Eco-Landscaping: Nurturing Plant Life and Reducing Pollution

Share on facebook
Share on google
Share on twitter
Share on linkedin
Gardener holding a pot with plant

Green landscaping is a way for you to save time, money, and energy in the design and maintenance of your garden. A green landscape nurtures wildlife and limits pollution for the creation of a healthy recreational space. You can achieve this for your garden by employing green landscaping methods and using green landscaping supplies.

Native Plants

Plants are one of the central elements of green landscaping. When you’re deciding on what plants to include in your garden, think about incorporating native plants. These plants are naturally adapted to your specific regional environment. This means they’re good for your location and may only require limited amounts of water.

But ask local experts before you do this. They can make sure the plants you choose aren’t invasive or aggressive. For instance, the purple loosestrife was once a common plant in household gardens. It later became banned in many states across the country because it spread too quickly and began to choke other plants.

Responsible Watering

Allow your lawn to go dormant in the heat of summer. You don’t have to keep it green and water it all year long. It’s natural that grass grows dormant certain periods of the year. When you do water your plants, engage in deep soaking. Shallow watering can encourage shallow root growth and make your plants more susceptible to drought and insect problems.

You can conserve soil moisture and prevent weeds from forming when you use organic mulch in garden beds and around trees.

Xeriscaping

There are other ways to go green when it comes to watering your plants. Xeriscaping is a method that involves using rain barrels to collect rainwater runoff from the roof. The water can then be used for your gardening needs.

Use of Chemicals

Gardener spraying chemicals on the plantYour gardening activities may cause unintentional and unwanted pollution. You can avoid consequences for water, air, and wildlife if you veer away from the use of chemical fertilizers and pesticides.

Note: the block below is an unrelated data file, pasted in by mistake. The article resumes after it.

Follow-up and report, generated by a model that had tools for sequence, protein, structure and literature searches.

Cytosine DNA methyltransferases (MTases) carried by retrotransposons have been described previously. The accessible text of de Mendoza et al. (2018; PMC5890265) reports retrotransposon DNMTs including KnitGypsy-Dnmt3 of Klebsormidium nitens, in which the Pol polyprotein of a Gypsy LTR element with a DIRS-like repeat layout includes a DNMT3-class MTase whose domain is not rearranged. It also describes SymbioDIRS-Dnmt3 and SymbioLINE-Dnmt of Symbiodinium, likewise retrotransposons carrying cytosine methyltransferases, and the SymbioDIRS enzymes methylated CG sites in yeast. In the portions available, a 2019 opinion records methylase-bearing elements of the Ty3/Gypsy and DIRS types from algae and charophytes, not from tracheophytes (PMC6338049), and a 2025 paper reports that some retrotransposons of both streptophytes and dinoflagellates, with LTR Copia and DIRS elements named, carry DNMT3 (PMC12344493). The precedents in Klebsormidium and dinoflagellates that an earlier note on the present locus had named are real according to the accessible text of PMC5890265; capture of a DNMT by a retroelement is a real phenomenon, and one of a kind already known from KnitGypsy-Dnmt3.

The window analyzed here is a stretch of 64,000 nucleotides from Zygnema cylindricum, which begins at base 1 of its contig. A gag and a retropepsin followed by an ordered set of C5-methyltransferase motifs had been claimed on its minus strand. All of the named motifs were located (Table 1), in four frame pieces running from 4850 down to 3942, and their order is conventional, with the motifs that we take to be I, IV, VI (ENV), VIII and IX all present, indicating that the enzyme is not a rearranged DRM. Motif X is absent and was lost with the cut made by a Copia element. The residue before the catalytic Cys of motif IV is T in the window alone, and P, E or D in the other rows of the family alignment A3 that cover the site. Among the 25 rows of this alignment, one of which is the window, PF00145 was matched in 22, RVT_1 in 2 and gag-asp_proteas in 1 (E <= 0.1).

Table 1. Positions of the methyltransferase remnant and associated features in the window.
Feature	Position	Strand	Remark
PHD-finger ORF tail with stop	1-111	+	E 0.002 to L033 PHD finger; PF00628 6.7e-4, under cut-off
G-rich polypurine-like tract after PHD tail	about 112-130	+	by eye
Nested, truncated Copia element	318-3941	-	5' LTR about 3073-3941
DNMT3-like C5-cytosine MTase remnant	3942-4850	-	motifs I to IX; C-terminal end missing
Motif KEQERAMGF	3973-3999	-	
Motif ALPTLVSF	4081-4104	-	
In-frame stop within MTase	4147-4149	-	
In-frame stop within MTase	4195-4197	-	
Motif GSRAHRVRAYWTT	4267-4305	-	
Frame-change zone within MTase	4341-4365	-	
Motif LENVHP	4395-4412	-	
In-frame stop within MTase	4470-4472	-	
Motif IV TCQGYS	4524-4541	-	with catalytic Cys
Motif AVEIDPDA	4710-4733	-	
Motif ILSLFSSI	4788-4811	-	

You’ll first need to choose healthy soil. Soil does not always require the addition of chemicals. Often, organic materials are enough. Make sure you’re not over fertilizing and filing your soil with unnecessary amounts of chemical nitrogen and phosphorus. Excess chemicals can get into your groundwater sources and contribute to water pollution. Remember only to add fertilizer to your garden only when they’ll be most beneficial, like during the fall or spring.

Fuel Emissions

Outdoor power equipment is a significant source of pollution. Lawn mowers, chain saws, and leaf vacuums emit high amounts of fuel. Green landscaping isn’t just about the plants. You can save on energy use by switching to manual hand tools. While they may be more inconvenient, they also do not emit any pollution.

In addition, you don’t have to mow your lawn all the time. The leaf blades of your grass should be at least 3 inches long. This way, they’ll keep a healthy root structure and maintain moisture throughout the summer. Leaving grass longer also means your garden has fewer weeds, as the grass can shade and prevent growth of weed seedlings.

These are just some eco-landscaping ideas you can use to reduce the waste you produce.